UFC 25 Anniversary – Revisiting Debut Event UFC 1, How It All Started
“The Greatest Form Of Art Comes With ‘No Rules’ ”
If you are an avid MMA fan, then Ultimate Fighting Championship is household name that you can relate your passion with. Anything that is slightly connected to MMA’s dominion, somewhere along the line it has a connection to UFC. Deemed as the biggest mixed martial promotion company, it is a home turf for producing phenomenal fights and pruning the best artists.
UFC is undeniably the crown of world’s outclass MMA artists which they don with pride. It is an identity for millions of artists around the globe who couldn’t have reigned in our hearts, had it not been UFC. But UFC hasn’t always been fighters and media’s first choice. With its Silver jubilee celebrations, let’s have a look back at its debut event UFC 1 and the subsequent rise and reign of UFC.
For those who took the pain to take the ride that cold evening to Denver or spared some time to buy a pay-per-view for the first-of-its-kind fighting championship that promised to bring together diverse talents from different fight discipline until a sole fighter stood tall, here is a brief look back on how the brawls inside the eight-sided cage evolved to become the benchmark for all MMA bouts on UFC 25 anniversary.
November 12, 1993 – UFC Is Born & So Is Mixed Martial Arts
On November 12, 1993 a small company named Ultimate Fighting Championship held its first ever competition in McNichols Sports Arena in Denver, Colorado. The initial competitions had minimum rules that brought together diverse talents from different fight genres to determine the finest form of martial art. Fighters from Boxing, Brazilian Jiu Jitsu, Karate, Wrestling and Muay Thai took part in the competitions to test which skill set outlasted. As time passed by, fighters started using techniques from multiples disciplines thus forming the basis for mixed martial arts.
Though a new form of fighting was developed that was quickly gaining ground, UFC struggled heavily on the financial side. While struggling to survive the promotion was sold to Zuffa LLC at $2 million which later sold it on to a group WME-IMG for $4.2billion. UFC is still owned by WME-IMG, with Dana White serving as the President and Sean Shelby as talent relations-matchmaker.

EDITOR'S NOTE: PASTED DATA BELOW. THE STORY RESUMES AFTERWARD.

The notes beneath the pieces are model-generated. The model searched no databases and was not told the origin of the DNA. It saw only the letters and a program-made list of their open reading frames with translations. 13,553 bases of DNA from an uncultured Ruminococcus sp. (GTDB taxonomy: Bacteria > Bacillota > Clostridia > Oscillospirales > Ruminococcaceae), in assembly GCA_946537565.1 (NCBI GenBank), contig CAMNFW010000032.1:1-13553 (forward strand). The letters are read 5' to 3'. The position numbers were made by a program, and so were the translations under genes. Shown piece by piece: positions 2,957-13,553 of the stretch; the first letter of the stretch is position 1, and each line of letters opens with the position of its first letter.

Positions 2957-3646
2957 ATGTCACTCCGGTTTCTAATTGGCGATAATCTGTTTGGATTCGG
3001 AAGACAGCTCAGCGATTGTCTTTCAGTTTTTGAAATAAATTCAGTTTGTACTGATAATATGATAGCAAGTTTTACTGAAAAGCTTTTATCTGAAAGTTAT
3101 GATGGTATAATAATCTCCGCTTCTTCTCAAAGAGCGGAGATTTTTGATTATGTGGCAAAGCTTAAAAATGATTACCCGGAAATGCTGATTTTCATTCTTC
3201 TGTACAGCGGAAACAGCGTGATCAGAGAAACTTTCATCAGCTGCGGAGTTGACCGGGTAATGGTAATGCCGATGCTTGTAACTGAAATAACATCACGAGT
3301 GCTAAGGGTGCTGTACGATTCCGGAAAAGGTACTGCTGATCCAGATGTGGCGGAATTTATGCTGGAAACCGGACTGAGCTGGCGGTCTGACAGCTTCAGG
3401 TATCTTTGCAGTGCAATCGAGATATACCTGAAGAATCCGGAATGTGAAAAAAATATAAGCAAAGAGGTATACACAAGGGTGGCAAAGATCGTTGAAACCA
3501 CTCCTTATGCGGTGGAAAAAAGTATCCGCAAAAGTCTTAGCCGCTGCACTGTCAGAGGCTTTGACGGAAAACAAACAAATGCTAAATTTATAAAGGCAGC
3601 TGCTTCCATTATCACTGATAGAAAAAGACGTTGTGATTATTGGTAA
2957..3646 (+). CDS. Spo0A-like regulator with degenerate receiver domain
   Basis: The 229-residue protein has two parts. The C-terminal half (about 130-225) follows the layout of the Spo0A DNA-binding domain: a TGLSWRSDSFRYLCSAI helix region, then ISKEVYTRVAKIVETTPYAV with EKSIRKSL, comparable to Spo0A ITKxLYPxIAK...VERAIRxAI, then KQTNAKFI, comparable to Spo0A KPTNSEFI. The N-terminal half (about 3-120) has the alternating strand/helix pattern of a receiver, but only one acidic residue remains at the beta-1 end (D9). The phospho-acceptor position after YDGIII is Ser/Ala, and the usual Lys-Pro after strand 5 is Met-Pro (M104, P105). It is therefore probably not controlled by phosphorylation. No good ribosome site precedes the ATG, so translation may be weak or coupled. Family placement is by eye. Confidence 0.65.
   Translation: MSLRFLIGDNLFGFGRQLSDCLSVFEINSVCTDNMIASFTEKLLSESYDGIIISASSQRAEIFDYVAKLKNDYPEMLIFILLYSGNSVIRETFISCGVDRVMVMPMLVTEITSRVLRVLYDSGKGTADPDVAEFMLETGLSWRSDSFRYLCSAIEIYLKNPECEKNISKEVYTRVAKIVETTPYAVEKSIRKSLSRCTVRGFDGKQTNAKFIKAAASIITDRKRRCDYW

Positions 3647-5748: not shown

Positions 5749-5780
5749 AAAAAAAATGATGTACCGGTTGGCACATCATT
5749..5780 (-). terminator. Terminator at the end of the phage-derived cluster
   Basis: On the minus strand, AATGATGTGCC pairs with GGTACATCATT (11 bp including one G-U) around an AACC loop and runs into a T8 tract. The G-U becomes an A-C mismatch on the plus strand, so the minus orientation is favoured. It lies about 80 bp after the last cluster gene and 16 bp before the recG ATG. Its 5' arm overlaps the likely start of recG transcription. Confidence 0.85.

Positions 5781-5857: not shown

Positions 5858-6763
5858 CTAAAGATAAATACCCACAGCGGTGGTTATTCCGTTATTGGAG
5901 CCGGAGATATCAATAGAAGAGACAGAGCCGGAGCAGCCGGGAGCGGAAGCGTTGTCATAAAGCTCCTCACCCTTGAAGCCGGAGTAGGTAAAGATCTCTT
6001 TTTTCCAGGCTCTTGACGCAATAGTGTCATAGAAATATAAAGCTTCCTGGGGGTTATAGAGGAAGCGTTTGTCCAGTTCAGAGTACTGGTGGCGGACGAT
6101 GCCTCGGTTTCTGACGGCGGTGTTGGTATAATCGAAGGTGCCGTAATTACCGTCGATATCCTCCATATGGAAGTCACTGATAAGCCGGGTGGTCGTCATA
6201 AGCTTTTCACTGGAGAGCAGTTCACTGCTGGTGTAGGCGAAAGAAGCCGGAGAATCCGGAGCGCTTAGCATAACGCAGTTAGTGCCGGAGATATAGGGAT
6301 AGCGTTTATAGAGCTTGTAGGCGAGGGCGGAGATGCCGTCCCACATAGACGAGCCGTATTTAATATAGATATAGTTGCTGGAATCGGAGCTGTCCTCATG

Dark, Gloomy Beginning For UFC
While struggling on the financial side, UFC faced disappointment in gaining the needed media attention to grow its popularity and functions. With repeated set-backs and lackluster of media’s limelight, UFC didn’t still stop experimenting and innovating. With its subsequent sale to Zuffa LLC and then WME-IMG, the promotion leveraged its operations and media presence. There was light at the end of that gloomy tunnel. As UFC made its journey from one end to other, it got more exposure that it vied for in its starting years. As of now UFC is ending its contract with FOX Sports to sign an agreement with a bigger Sports Network, ESPN.
No Rules Championship
This idiosyncratic fighting championship captured attention from far and wide. While boxing and WWE wrestling were the only pay-per-view options available to fight aficionados then, the seemingly unique sport did offer some perks. And for the biggest surprise for majority of combat lovers, it was probably the only fighting championship or the sole sport to have “no rules.” While the octagon and an amalgamation of fighters from various disciplines were enough to create mayhem, the idea of allowing the most lethal fighters collide without any regulations was overwhelming for many. So while the critics were bombarding objections, undeniably, there was a lot in store for those who had a taste for challenge and unpredictability, two trademarks of the promotion.